For starters – many graduates are now finding it hard to find work. Your income will help them aleviate their financial situation. Great, yes, but we’re quite used to living on less than £15000pa (minus fees) Where, then, is the incentive to find a job? You mention that this should not encourage laziness, much like inheritance. Inheritance is a one-off sum. It has to last, and it is usually put towards worthy investments. Thus, it is entirely unlike an inheritance.

    Secondly – Schools are not businesses. Therefore, as establishments which develop children into adults, they are not treated as such. A fine will encourage some (albeit not all) children to stay in school, and to ‘man up’ and get on with it. I agree, schools should not use this as a control method, they should address the problem directly. Yet, I think we already have a body responsible for policing the quality of schools. OFSTED inspections are a big thing, and the body is treated seriously.
    There will always be children who hate school. Letting them walk out of it does not seem like a solution.

    Lastly, for now – Point nine: I believe the term is ‘abstention’. Also, I’ve seen direct quotes from you regarding Concorde, and her operational status. What does Concorde have to do with Bristol?

    I eagerly await your answers, and I will stress now that I am not set in my ways – my viewpoints can be changed with adequate logic and reasoning.

    • Hi suedonim ok here goes.

      Before I start I haven’t ever mentioned concorde. I think you’re confusing me with Tim Collins

      As for abstention, that’s not the same thing. People who don’t vote are usually labeled apathetic. Spoiled paper is the real none of the above option, but even that’s not the same, why not give it as an option so people can proactively choose to use their hard won vote to register the fact that don’t want any of the offered candidates.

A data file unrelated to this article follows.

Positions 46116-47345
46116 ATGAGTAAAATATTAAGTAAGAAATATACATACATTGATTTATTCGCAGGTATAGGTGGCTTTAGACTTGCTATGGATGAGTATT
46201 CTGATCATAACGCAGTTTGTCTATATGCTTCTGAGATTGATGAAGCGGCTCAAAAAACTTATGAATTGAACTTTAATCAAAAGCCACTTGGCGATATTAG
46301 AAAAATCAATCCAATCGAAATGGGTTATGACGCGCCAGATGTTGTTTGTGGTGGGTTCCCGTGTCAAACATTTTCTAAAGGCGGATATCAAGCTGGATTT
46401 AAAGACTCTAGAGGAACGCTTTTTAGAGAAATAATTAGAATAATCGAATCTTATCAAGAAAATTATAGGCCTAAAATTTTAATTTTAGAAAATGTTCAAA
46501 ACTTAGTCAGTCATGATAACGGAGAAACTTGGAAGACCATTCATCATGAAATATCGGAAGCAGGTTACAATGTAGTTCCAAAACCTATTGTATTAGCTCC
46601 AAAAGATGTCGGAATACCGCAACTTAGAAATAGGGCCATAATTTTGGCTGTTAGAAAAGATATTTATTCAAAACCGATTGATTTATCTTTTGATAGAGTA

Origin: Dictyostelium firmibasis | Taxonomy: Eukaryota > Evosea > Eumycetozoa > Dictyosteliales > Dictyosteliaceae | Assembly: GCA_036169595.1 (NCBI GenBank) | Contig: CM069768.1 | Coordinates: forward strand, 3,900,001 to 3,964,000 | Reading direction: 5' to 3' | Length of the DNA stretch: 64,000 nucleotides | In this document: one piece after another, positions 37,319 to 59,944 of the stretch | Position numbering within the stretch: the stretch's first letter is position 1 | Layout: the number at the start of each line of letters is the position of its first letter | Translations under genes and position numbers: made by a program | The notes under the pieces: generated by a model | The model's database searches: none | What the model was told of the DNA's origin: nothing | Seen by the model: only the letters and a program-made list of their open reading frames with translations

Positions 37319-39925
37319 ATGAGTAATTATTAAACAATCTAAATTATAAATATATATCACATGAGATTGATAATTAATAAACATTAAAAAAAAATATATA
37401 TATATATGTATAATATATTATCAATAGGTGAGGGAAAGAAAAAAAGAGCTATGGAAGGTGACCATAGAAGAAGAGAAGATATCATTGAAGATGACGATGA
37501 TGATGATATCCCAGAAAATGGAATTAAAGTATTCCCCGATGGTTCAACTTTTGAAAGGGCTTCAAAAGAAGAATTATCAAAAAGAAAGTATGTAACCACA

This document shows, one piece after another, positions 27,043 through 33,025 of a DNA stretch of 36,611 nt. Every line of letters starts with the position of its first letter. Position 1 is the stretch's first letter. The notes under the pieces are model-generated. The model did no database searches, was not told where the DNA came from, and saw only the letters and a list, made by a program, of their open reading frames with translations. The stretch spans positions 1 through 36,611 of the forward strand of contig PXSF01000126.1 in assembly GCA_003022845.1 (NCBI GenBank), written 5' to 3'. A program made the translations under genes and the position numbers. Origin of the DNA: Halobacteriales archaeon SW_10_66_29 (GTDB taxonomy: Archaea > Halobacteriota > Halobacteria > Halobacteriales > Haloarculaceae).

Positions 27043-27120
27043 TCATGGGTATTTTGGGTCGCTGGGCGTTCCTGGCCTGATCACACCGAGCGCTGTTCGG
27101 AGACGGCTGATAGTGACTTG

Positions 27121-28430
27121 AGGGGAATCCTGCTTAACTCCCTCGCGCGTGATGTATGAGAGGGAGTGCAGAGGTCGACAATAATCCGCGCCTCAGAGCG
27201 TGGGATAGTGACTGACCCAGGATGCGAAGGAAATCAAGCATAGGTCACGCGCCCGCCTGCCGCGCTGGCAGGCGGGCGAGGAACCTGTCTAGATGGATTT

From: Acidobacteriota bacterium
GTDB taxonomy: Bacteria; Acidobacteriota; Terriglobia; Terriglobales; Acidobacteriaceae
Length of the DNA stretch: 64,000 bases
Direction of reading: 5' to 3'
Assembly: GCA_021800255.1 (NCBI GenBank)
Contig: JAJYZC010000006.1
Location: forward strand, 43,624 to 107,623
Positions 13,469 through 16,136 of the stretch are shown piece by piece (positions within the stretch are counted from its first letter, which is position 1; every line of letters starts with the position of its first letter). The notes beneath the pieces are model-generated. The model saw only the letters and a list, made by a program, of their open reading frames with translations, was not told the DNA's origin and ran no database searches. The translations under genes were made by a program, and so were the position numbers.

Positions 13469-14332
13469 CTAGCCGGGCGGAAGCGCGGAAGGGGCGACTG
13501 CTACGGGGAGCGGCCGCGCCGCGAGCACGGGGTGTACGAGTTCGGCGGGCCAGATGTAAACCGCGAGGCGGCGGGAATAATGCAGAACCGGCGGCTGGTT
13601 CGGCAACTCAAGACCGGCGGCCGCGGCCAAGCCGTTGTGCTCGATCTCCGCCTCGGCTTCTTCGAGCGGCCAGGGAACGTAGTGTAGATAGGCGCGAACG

Education: Why should children ‘man up’?

      why not take the hint and see that they are not getting what they want from the education system.

      Unconditional basic income:

      First of all I take your point on inheritance being a one off, even though some inheritance could pay a fair few years basic income, but the point is the same, why doesn’t an inheritance reduce someone’s efforts in work?

      the £15,000 is only meant to cover basic needs, while also putting a bit of extra money into the economy to fire up the “luxuries” economy.

      Why would people bother working?

      If they want more than their basic needs they need to earn extra money by working.

      If this wasn’t the case why do people bother to carry on earning more than £15,000 a year in their current jobs

      But I think more important is to define “work”

      If its about earning money why is there a term voluntary work

      If its about contributing to society, what is contributing? does it matter if that contribution creates value or not?

      I think work is doing something you feel a passion for, the sort of thing you would do just for the love of it. That’s how the lazer was invented, someone just doing experiments with light, they weren’t actually trying to invent anything.

      Who would do the shit jobs? What is a shit job? If we mean street cleaners for example I know people who do jobs like that because they love it.

      Of course if nobody wants to do these jobs, then we will as a society, have to make it worth someone’s while to do those jobs, by paying the going rate. Let a true free market economy decide, once people have their basic needs met of course.

      Most people work because they like doing something and especially the social aspects that come with it.

      But in conclusion I say the unconditional basic income allows people time and freedom to do the stuff they’re passionate about, just for the love of it

      Quid pro quo: what would you do if I gave you an unconditional basic income?

  6. Pingback: Manifesto | The BIG Political Party | 39tiro